Lloyds Bank has agreed to sell its Spanish retail banking business to Banco Sabadell in a cash and stock deal, as the British bank looks to offload its troubled assets in the crisis-hit nation.
The Spanish retail and private banking operations and the investment management business to be sold include Lloyds Bank International S.A.U and Lloyds Investment España SGIIC.
As consideration, Lloyds will receive a 1.8% stake in Banco Sabadell, representing 53.7 million ordinary shares worth about £72m (€84m, $111m) out of the Spanish bank's treasury holding. In addition, Lloyds would get up to £17m in cash within the next five years depending on the performance of the sold assets.
Lloyds has also agreed to retain the received shares for a term of at least two years and to collaborate with Banco Sabadell in retail, commercial, private banking, as well as asset finance and asset management.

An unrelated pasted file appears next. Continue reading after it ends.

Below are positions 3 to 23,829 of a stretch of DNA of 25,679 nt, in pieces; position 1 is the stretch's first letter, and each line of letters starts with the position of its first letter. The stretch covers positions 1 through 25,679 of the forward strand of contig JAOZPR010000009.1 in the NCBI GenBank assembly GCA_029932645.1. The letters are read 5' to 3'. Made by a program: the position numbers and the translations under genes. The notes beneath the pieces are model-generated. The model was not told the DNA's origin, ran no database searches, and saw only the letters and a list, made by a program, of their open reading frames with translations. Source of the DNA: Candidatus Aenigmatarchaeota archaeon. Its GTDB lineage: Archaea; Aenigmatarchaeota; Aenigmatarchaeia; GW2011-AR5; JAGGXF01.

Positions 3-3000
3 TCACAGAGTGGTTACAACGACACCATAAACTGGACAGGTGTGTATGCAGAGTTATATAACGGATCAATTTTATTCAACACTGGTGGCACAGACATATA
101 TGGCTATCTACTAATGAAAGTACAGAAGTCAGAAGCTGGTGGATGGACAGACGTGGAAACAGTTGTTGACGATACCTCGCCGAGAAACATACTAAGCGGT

The banking group added that its Spanish corporate banking operations are not included in the transaction and will continue to operate as usual.
"The sale is in line with the Group's strategy of rationalising its international presence and ensuring best value for shareholders," Lloyds said in a stock exchange filing.
The assets on sale were valued at about £1.52bn as of 31 March, with customer lending and customer deposits amounting to about £670m. In 2012, the division reported a loss of about £43m with provisions on loan losses increasing to about 90% of the total impaired loans.
The bank expects a loss of about £250m from the disposal of the business and it intends to use the possible cash proceeds from the sale for general corporate purposes.
The sale is expected to be settled this year, subject to regulatory approval.
The shares are trading at 53.30 pence, up 0.7%, as at 10.08 a.m.